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Landscapes with Hiroshi Yamamoto - May 12th, 2007

Hiroshi Yamamoto brought along his students to a workshop on landscapes. This led to an interesting mix of younger and older participants learning a lesson in English and Japanese. Hiroshi, a well-known Toronto artist, is the chief instructor in sumi-e at the Japanese Canadian Cultural Centre. He also teaches at a Japanese school. In his workshop, Hiroshi worked exclusively in sumi-e ink.

Hiroshi Yamamoto begins workshop with handouts

The workshop began with a study of types of painted trees, which are used frequently in sumi-e paintings.

The workshop begins by looking at trees

Hiroshi Yamamoto first painted the classic pine tree with its needles on the branches.

Pine tree is drawn first

Then a tree was added with five strokes for a cluster of leaves on each branch.

A tree with clusters of five leaves

Another tree was created with a trunk and some branches.

Tree trunk and branches

Leaves were added with a horizontal brush stroke over the trunk and branches.

Leaves added by horizontal strokes

Several more trees were added with tall thin trunks and leaves added with the horizontal, flat brush stroke.

Tree trunk and branches structure

Next came a few more trunk-and-branch tree structures.

More tree trunk and branches

Over the trunks and branches, Hiroshi Yamamoto used a large, thick brush to add the leaves in a vertical stroke that also used the flat of the brush.

Vertical stroke adds leaves

Hiroshi added several variations of trees using the previous techniques.

Each tree had its own characteristics showing the many ways of painting trees.

More trees with leaf variations

Afterwards, Hiroshi Yamamoto reviewed the trees he had drawn. The trees were also included in a handout for the workshop.

Hiroshi Yamamoto compares his trees to others drawn for a handout

Hiroshi turned to the landscape he would work on. He discussed the work with the workshop participants. Hiroshi reminded us that a painting was a composite of elements such as the water, shoreline, trees, mountain, and clouds.

A light stroke created the shoreline.

Hiroshi Yamamoto sketeches shoreline

A pagoda was added and a bridge to it.

Pagoda added with bridge

Hiroshi Yamamoto studied the work as he sometimes does before moving on to the other elements of the painting.

Studying progress

He then turned to the trees using forms drawn earlier.

Adding trees drawn earleir

A pine tree, a tree with with a few leaves and a tree with the horizontal brush stroke for leaves were added.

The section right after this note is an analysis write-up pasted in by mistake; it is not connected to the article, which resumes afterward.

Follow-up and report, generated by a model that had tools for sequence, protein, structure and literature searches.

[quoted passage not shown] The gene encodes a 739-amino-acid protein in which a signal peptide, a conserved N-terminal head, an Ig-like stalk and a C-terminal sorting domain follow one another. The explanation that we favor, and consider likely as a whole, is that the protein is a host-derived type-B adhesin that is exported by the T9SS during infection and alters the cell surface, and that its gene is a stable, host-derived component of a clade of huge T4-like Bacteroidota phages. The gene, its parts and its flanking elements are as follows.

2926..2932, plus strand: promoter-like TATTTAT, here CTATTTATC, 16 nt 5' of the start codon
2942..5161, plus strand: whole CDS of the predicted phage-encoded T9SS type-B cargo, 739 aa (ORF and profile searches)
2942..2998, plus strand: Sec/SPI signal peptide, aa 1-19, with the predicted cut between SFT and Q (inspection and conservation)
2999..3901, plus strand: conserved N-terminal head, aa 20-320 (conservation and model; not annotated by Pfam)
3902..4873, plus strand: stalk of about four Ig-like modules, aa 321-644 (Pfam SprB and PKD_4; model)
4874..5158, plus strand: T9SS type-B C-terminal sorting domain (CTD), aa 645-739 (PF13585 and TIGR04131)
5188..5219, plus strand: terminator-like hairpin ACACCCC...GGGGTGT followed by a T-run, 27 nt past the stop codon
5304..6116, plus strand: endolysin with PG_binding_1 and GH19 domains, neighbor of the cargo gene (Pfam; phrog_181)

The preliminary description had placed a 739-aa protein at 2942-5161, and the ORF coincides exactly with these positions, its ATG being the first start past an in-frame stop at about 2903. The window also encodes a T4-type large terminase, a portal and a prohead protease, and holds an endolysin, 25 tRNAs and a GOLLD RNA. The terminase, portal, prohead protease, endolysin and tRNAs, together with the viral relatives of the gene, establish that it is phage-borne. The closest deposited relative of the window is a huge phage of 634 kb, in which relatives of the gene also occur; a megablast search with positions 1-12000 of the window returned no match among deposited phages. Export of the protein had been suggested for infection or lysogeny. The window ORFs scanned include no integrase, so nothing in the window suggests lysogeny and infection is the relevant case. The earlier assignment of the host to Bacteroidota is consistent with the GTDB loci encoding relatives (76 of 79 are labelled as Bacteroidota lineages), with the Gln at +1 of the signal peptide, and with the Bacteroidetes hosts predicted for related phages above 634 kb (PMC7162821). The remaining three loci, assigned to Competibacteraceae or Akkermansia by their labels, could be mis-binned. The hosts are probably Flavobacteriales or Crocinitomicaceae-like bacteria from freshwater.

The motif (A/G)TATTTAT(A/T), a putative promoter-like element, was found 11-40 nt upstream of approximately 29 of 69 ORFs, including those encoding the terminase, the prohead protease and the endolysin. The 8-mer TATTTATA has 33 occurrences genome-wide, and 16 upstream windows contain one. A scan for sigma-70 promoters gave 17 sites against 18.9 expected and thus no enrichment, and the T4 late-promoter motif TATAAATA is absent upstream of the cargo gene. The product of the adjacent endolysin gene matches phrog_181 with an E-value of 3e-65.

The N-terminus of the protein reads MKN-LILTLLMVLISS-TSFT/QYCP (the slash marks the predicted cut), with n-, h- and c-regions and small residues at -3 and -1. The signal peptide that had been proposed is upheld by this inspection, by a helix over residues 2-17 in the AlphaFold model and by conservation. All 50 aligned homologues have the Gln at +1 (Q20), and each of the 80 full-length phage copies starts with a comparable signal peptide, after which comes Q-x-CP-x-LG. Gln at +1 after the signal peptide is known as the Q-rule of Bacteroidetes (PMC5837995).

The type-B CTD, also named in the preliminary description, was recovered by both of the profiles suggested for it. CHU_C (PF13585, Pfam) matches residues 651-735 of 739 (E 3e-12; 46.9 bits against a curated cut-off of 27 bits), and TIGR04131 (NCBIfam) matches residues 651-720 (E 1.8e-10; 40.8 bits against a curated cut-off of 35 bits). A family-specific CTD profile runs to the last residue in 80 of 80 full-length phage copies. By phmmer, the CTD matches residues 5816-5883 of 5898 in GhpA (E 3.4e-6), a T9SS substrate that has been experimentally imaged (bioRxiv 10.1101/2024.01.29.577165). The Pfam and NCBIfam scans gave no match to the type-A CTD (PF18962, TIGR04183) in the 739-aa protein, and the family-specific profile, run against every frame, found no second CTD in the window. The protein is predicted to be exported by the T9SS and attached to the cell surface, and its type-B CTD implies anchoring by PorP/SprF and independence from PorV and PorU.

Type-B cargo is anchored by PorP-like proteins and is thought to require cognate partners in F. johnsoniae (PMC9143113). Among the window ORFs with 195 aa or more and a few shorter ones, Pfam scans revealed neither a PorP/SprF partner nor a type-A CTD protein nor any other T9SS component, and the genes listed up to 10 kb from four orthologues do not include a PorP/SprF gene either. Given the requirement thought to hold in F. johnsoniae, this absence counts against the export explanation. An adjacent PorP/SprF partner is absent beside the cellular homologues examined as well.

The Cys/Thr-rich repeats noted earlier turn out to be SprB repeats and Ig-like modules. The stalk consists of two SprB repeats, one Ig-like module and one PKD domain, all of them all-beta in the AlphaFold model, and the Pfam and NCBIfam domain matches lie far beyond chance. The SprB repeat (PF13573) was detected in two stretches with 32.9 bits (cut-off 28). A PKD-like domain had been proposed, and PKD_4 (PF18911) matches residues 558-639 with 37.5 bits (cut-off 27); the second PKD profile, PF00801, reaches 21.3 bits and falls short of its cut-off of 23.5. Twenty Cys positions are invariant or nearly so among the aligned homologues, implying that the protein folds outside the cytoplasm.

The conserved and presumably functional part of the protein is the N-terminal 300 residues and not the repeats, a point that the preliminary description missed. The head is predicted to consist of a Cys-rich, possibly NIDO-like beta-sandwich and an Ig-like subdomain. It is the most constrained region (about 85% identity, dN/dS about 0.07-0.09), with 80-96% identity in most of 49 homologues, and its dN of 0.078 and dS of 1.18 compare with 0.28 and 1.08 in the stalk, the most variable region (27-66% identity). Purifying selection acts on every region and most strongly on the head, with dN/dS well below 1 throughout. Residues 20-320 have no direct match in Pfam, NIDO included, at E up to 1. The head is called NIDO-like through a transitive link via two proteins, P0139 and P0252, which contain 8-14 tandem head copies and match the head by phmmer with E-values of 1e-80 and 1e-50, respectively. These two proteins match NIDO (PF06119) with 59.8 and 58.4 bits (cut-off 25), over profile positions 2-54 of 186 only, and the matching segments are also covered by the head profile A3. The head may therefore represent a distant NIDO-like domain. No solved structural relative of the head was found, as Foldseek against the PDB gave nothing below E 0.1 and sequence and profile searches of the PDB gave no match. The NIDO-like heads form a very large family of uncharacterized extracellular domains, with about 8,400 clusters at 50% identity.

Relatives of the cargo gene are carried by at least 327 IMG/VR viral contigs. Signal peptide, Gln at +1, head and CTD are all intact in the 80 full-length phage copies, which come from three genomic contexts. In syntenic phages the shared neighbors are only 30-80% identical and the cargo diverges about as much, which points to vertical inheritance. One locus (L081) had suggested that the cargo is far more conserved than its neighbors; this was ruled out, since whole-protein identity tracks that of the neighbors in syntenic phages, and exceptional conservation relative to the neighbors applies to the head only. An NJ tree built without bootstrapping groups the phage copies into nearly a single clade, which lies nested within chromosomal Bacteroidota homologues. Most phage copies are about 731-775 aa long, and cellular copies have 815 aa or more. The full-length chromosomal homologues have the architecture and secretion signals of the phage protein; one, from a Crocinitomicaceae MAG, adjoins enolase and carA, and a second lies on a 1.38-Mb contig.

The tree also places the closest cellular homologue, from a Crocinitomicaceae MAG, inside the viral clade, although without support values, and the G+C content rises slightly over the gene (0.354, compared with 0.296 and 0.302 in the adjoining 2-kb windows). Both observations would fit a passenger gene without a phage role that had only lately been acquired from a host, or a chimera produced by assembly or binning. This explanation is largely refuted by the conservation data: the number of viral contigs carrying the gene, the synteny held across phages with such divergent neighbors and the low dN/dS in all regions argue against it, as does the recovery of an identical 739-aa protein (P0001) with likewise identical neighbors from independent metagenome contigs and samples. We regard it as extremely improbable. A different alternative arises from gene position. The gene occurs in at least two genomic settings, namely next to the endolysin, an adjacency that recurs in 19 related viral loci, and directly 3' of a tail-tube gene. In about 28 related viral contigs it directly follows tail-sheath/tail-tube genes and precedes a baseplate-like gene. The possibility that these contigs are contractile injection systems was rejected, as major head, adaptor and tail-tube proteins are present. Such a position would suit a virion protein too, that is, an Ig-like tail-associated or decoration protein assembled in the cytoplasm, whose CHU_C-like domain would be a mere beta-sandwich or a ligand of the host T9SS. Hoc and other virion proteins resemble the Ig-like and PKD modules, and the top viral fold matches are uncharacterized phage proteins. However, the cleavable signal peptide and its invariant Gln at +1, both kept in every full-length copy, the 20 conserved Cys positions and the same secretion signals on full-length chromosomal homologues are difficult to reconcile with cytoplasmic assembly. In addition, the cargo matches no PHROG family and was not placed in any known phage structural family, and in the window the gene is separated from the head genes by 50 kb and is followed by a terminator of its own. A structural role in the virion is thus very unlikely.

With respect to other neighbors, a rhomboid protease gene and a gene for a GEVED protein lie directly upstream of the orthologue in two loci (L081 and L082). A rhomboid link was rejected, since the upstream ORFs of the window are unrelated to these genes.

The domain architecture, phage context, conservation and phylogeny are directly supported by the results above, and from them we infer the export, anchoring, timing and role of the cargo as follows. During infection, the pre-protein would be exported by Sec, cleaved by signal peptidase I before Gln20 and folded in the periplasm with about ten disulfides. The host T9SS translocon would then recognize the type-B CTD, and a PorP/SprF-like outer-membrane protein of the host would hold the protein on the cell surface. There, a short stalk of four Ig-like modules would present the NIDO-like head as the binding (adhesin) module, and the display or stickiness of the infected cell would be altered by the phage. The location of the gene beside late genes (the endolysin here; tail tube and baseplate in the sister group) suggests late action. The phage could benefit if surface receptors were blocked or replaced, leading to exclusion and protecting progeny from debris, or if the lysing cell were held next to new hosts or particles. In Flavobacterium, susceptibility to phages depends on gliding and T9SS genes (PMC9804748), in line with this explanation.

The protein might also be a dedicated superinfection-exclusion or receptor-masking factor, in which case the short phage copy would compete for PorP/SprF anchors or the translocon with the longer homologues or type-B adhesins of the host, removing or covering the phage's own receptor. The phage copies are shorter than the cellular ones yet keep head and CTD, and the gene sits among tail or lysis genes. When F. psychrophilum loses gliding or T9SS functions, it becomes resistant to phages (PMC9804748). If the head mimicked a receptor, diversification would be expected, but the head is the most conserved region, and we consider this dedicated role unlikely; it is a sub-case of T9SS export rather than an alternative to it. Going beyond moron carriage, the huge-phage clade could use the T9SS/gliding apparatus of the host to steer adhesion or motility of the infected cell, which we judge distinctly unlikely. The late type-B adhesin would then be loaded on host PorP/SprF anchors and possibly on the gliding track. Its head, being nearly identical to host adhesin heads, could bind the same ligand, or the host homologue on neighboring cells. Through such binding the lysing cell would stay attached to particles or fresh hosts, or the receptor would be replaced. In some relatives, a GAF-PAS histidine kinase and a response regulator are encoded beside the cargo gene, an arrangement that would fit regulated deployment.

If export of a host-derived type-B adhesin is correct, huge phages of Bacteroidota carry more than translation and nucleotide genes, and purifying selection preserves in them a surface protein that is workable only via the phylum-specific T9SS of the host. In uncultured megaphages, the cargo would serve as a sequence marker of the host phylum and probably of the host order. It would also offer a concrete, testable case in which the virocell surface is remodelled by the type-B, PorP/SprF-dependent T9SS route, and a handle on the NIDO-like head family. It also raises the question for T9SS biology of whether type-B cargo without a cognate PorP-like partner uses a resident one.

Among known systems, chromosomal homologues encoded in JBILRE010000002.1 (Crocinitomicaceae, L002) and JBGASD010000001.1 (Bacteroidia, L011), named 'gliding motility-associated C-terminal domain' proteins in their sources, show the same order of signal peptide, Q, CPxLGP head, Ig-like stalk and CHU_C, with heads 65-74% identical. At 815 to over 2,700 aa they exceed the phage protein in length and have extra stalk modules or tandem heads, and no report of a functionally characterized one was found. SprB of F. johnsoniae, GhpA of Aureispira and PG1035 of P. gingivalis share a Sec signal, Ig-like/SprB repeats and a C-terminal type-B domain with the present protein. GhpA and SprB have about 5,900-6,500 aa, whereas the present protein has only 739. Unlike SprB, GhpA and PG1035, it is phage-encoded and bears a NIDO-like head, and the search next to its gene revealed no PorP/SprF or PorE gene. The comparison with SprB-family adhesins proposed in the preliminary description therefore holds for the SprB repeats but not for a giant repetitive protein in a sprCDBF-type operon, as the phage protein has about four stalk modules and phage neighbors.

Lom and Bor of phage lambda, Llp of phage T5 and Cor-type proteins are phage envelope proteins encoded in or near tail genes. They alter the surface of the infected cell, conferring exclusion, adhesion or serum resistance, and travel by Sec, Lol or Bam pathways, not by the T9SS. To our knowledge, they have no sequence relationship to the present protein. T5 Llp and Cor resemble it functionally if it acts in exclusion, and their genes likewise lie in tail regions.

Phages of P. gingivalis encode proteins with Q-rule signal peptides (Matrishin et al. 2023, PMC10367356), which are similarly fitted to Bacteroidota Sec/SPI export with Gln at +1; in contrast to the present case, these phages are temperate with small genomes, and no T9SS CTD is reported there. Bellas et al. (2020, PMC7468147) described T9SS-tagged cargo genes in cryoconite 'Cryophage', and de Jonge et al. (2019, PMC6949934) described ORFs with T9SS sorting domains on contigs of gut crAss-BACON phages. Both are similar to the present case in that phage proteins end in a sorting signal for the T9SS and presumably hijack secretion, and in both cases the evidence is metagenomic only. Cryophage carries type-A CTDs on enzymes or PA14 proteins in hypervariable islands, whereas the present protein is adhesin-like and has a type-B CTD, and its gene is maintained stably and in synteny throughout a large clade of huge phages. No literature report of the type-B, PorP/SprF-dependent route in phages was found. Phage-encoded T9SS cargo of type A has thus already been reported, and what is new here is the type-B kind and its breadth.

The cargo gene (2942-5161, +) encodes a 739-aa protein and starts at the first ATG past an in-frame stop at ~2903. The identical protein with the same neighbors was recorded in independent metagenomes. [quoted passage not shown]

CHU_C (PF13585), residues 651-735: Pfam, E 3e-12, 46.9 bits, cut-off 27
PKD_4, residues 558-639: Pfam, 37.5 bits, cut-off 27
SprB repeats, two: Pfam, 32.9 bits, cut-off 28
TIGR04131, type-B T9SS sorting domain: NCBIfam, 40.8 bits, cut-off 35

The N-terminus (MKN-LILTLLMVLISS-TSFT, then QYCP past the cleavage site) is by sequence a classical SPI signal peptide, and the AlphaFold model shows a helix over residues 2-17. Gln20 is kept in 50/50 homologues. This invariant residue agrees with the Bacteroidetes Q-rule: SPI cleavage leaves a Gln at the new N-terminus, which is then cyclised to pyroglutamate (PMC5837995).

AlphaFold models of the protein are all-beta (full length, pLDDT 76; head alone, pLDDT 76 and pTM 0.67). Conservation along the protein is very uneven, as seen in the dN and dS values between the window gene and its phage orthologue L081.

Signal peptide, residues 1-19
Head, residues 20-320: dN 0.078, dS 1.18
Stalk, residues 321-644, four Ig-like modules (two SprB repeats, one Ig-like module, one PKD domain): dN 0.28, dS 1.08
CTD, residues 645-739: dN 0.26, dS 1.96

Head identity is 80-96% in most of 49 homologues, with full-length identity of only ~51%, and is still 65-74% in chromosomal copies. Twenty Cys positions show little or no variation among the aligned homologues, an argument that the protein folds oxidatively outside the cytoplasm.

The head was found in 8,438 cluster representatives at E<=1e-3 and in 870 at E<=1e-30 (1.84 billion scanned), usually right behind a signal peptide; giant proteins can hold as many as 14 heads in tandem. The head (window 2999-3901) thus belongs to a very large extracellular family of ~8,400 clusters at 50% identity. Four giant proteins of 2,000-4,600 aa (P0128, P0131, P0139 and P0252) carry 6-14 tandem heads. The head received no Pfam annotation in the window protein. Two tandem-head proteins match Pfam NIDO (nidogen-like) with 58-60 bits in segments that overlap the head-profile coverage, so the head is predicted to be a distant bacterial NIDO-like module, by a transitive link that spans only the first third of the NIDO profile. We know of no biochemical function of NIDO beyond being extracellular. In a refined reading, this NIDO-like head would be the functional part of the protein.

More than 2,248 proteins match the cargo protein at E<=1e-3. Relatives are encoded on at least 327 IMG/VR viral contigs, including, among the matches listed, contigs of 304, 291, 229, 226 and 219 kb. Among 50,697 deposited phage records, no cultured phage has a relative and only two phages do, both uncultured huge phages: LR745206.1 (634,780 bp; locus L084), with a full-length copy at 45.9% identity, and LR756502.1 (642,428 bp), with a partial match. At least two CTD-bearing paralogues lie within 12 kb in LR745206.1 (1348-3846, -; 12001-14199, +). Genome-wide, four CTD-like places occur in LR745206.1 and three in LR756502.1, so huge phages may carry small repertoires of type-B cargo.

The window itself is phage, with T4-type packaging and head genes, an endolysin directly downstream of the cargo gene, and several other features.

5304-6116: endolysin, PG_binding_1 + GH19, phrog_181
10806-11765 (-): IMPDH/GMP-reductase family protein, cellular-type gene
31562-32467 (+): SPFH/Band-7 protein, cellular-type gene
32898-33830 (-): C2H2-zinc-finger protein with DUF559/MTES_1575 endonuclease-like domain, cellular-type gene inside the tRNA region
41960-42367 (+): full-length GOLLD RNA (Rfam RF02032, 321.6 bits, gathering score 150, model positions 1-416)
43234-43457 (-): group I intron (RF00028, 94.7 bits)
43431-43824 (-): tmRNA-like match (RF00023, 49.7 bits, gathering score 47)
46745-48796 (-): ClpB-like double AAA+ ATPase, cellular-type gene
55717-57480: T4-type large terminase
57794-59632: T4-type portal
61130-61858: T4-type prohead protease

Adding trees with horizontal brush stroke

Skeleton trees were drawn that would use the vertical stroke for leaves.

Trunks and branches added for more trees

After the trees were drawn, Hiroshi stopped again to look at the overall composition again.

Trees with vertical stroke for leaves

Next came more distant trees in another part of the painting.

Adding more distant trees and bushes behind pagoda

A mountain was sketched into the background.

Outline of mountain

Details were added to the mountain including some small, distant trees.

Details of mountain

Moving to the foreground, Hiroshi Yamamoto added the water.

Water in foreground

The water was still and reflected the trees on the shore.

Hiroshi Yamamoto adds reflections in the water

Using broad stokes the water was completed.

Water added to front

The painting was almost finished.

Water completed

Clouds were added by pressing the brush.

Clouds with larger brush

Hiroshi discussed the elements of the painting with the workshop participants in English and Japanese.

Hiroshi Yamamoto discusses composition with students

The finished painting united all the elements created earlier in a balanced, serene work. This painting is based on an actual scene from Japan where Hiroshi grew up.

Sumi-e painting up close

This handout helped workshop participants in the creation of their trees for their landscape. It showed the strokes for the leaves and the strokes for the trunk and branches. Then it put the two together for the tree.

Trees in handout

Everyone then began working on their landscapes.

Workshop participants go to work

Landscapes remain one of the fundamental icons of sumi-e painting. Hiroshi Yamamoto's workshop proved that the landscape will remain as challenging and as fascinating to sumi-e artists today as it always has in the past.